Teaching English in Valencia, Spain
Place to Vacation -- and teaching pays the bills
You may think of Spain as a great place to go for a vacationsun,
beaches, and all-night celebrations. Imagine yourself living there.
Last year I taught English in Valencia, Spains third-largest city
and capital of the region. Foreign tourists dont overrun the city,
as they do much of Spain, and the foreign community is smaller than in
Madrid or Barcelona. This makes it easier to meet locals.
Moreover, the city itself is an appealing and inexpensive place to live,
with a pleasant historic center and numerous art museums. The waterfront
esplanade, lined with restaurants and bars, where on summer weekends the
dancing goes on until sunrise, is only a 10-minute tramway ride from the
A three- to four-hour bus ride, the cheapest and most convenient way
to travel, brings you to Barcelona in the north, Madrid in the west, and
Alicante in the south. The famous party island of Ibiza is an overnight
ferry ride away.
In Valencia, as in the rest of Spain, people are lining up to learn English.
University students need English to find employment upon graduation, and
companies tell employees that career advancement depends on their ability
to speak English. As a result, English language schools are opening up
all over Spain.
Most teachers are English or English speakers who have a European Union
passport, which allows them to work anywhere within the EU. However, the
Spanish government recently passed a Law on Foreigners which
has made it easier for non-EU members to apply for a job.
The two main schools are Opening English School, the company I worked
for, and Wall Street Institute. The students learn grammar through interactive
computer language programs and then sign up for group classes with native
speakers. The material is standardized, so teaching is as easy as reading
and following the binder. Little preclass preparation is necessary. You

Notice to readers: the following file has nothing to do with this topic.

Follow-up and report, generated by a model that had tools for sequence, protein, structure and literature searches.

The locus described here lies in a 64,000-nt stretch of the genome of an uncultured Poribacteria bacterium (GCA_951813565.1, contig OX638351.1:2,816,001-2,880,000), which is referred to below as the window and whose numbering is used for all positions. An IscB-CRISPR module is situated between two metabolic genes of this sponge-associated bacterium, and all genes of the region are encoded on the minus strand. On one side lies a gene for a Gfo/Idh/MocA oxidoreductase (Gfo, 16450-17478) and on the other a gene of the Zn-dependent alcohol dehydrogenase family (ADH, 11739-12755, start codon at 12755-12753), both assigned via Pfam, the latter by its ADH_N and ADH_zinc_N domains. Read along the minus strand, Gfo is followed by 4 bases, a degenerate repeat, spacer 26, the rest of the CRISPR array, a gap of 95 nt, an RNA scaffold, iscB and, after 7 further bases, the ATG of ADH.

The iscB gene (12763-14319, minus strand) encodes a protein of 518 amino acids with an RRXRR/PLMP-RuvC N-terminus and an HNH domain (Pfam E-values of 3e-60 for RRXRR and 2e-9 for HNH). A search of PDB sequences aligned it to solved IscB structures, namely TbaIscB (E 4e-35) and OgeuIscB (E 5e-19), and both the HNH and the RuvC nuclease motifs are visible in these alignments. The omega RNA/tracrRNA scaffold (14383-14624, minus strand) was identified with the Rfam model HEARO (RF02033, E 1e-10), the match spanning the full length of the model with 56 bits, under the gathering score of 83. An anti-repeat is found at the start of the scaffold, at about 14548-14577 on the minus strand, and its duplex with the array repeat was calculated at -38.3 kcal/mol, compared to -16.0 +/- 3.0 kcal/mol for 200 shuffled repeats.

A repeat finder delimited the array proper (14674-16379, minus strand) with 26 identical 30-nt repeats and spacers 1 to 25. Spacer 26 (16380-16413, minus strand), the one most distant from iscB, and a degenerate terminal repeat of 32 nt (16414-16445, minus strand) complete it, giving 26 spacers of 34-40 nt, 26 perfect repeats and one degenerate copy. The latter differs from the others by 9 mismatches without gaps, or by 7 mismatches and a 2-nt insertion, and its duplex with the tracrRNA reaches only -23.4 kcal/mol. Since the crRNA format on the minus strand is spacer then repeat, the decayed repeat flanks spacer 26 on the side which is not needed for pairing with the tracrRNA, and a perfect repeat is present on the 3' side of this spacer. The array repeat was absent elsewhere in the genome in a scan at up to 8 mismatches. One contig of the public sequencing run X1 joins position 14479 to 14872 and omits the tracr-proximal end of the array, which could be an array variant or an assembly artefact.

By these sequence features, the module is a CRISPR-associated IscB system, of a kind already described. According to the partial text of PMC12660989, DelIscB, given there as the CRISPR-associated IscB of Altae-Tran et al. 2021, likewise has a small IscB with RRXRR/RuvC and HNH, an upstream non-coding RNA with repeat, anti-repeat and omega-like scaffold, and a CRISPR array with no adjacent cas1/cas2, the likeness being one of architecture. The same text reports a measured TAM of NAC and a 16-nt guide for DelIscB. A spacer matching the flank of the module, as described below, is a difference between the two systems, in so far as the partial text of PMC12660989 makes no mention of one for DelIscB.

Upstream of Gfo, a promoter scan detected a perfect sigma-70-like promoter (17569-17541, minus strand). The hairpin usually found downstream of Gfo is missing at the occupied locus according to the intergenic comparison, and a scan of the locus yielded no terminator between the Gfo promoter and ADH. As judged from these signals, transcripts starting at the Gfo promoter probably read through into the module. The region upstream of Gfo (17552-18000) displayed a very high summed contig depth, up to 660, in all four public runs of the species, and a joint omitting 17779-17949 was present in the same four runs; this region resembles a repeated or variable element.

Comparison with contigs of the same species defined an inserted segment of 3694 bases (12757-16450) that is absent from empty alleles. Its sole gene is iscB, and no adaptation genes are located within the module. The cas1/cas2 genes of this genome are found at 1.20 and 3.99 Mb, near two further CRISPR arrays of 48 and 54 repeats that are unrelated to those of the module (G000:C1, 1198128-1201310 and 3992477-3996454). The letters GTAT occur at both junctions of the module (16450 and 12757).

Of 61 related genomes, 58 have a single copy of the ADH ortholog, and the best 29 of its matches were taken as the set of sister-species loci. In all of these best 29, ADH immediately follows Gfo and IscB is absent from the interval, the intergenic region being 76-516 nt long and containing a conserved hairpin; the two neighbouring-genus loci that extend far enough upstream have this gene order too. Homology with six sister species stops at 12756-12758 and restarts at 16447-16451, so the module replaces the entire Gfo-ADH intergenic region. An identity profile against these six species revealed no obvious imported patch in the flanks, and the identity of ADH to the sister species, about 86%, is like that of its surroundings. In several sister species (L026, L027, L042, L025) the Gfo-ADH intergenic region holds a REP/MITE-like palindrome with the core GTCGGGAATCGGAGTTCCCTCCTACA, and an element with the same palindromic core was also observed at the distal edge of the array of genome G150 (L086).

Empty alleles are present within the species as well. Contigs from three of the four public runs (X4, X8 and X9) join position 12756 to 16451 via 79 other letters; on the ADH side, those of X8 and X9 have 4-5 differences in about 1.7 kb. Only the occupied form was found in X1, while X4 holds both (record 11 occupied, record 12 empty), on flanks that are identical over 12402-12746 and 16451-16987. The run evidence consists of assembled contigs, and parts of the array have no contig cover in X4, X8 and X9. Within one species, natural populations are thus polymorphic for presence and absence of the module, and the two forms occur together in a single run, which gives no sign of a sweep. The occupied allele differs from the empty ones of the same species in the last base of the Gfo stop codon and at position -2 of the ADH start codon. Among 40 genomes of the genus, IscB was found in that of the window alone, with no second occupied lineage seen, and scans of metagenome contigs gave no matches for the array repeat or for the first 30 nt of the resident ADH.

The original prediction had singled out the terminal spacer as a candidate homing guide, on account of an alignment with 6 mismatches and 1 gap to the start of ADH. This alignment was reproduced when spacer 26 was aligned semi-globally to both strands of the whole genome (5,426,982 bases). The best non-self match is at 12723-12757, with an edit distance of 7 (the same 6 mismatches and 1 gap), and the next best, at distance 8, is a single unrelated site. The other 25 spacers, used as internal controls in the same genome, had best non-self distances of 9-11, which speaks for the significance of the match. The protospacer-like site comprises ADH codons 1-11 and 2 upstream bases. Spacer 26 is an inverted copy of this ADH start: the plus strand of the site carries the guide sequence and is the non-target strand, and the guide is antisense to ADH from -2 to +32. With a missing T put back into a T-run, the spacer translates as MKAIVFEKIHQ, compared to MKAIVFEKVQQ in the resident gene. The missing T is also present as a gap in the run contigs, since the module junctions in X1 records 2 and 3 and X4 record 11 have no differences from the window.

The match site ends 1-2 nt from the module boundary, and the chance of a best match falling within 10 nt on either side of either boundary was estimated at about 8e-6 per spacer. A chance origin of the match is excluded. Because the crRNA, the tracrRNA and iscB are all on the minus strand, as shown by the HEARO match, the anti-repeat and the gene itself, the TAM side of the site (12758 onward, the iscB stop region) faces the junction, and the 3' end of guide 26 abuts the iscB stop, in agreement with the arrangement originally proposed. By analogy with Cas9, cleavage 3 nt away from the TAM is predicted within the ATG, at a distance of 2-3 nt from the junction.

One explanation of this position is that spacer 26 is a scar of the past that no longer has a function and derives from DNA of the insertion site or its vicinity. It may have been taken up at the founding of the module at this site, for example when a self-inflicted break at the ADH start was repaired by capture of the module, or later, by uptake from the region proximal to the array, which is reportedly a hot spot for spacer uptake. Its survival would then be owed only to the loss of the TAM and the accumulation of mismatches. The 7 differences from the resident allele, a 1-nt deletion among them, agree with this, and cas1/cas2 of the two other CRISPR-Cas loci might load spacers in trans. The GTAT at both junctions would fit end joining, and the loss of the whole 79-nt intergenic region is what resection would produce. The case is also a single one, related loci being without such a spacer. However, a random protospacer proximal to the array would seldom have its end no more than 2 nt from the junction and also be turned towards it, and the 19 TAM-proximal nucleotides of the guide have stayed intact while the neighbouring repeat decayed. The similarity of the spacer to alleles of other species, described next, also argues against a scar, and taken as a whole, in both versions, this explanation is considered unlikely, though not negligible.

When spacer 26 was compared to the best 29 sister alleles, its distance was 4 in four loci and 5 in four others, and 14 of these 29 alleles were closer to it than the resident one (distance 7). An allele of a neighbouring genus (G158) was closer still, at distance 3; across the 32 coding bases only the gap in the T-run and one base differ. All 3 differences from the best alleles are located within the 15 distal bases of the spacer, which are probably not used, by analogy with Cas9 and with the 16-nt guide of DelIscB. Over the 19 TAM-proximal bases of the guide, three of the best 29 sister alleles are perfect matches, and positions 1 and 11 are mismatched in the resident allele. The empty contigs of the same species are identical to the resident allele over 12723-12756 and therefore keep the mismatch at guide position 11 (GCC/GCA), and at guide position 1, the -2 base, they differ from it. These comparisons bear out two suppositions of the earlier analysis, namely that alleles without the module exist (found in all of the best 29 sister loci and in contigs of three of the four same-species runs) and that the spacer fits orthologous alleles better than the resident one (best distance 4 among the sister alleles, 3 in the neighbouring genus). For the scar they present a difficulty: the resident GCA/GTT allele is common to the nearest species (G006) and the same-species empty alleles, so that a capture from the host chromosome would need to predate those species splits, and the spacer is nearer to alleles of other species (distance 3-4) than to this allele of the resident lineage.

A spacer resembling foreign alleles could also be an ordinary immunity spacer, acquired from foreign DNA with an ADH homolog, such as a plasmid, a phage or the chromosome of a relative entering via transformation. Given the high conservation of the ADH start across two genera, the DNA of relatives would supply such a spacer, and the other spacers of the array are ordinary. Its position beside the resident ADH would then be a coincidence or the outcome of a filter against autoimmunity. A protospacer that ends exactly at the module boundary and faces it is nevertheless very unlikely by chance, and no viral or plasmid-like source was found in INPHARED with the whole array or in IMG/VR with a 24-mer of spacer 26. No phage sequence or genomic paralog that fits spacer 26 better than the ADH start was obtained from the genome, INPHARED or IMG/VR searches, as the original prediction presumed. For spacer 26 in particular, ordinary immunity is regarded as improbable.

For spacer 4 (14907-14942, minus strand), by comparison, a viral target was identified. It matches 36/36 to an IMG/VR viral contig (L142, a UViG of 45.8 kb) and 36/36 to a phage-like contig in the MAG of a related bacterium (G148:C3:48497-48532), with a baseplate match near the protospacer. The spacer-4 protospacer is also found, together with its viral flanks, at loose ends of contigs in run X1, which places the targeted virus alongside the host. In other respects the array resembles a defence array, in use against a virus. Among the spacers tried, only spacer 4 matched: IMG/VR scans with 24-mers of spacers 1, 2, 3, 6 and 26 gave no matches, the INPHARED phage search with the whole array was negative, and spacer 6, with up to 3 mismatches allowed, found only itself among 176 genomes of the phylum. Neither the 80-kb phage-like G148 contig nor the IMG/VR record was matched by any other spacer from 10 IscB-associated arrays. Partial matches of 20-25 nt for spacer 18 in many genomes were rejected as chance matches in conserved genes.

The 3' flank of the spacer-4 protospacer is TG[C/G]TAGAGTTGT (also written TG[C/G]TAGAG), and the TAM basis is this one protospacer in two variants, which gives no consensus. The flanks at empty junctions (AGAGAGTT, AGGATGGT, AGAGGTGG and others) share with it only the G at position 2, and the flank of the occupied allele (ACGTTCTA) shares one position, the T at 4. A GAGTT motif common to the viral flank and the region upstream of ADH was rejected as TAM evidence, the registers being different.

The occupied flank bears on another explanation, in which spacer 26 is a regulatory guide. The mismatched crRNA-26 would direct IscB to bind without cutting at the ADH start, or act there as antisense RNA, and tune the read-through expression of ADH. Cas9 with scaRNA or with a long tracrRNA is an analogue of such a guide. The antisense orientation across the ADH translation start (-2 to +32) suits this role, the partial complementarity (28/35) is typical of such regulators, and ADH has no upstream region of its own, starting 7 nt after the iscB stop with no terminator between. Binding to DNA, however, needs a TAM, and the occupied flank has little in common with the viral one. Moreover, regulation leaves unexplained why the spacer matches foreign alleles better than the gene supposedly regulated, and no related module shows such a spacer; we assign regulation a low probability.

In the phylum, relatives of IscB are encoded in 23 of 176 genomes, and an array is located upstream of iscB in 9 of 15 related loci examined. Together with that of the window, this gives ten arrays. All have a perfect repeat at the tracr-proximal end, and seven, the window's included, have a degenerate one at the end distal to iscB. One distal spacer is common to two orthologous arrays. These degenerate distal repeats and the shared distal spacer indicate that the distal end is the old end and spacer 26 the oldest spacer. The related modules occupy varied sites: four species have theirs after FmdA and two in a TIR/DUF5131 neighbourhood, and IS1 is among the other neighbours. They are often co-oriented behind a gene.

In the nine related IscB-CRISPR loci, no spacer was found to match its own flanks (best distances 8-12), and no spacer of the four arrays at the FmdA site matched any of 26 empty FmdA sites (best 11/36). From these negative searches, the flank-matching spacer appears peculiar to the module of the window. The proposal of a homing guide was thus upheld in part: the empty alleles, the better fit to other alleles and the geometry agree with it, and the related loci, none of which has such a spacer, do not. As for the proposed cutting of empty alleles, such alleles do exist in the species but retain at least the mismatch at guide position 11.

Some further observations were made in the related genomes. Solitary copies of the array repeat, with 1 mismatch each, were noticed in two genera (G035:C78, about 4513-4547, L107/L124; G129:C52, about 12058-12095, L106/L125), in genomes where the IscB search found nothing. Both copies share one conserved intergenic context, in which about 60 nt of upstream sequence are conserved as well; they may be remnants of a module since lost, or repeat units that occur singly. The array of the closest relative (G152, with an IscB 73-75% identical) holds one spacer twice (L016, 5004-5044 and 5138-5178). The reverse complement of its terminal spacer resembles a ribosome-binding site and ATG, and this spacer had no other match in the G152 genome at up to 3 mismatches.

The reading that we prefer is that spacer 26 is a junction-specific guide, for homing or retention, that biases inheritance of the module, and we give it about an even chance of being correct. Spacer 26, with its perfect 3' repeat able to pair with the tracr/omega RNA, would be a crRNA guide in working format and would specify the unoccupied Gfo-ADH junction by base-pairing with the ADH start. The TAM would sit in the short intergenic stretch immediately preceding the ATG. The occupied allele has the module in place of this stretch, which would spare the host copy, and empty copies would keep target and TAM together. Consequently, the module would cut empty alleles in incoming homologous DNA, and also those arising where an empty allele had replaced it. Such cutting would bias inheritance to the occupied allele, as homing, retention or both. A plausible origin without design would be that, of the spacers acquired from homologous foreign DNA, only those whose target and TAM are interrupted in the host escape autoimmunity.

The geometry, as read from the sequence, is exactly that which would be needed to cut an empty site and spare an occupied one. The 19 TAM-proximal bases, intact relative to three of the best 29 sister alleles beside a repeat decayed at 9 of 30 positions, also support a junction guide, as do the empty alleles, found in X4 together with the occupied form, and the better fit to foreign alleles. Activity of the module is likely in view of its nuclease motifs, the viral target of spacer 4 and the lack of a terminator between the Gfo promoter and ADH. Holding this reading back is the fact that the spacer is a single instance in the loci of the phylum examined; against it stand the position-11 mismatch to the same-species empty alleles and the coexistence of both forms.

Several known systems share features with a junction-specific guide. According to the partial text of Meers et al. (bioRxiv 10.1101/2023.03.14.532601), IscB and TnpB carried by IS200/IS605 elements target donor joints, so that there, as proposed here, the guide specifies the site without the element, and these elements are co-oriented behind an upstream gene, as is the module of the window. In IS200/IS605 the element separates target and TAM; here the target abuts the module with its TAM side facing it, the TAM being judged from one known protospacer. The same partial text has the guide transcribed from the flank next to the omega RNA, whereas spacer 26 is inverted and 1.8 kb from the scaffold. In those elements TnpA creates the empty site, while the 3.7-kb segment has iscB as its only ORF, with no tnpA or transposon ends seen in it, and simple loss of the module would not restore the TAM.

do have some opportunities to plan extracurricular activities, a relaxing
way to get to know your students (both schools accept only adult students)
and have some fun.
Other English language schools in Spain include Berlitz, the Cambridge
School, and the British Institute. Then there are small private schools,
some of which may be great but others pay teachers very little and may
close in the summer.
Private tutoring is another way to make money. The going rate for English
language lessons is about 2,000 pesetas ($11) an hour. Post signs at student
hangouts and around the university.
Valencia has one of the largest universities in Spain, and many Spanish
students want to live with a foreigner so they can practice their English.
Just post signs that read Chica/Chico busca un piso comapartido (Guy/Girl
looking for a shared apartment) and leave a phone number where people
can contact you. Be sure to agree that your apartment mate converses with
2,000 pesetas ($11) an hour. Post signs at student hangouts and around
FOR MORE INFORMATION
For a personal look at language learning overseas, see UNDER
THE VOLCANOES: LEARNING SPANISH IN GUATEMALA
English School, Plaza
del Ayuntamiento, 11, 46002 Valencia; 011-96- 352-90-00, fax 011-96-352-83-80; email, website.
Wall Street Institute, Plaza de España, 1 bajos, 46007 Valencia;
011-96-352-70-70, fax 011-96-351-35-17, visit
EINEIGEL started traveling seriously after high school and has worked
throughout Europe. She lives in Vancouver, BC. This article originally
appeared in the May/June 2001 issue of Transitions
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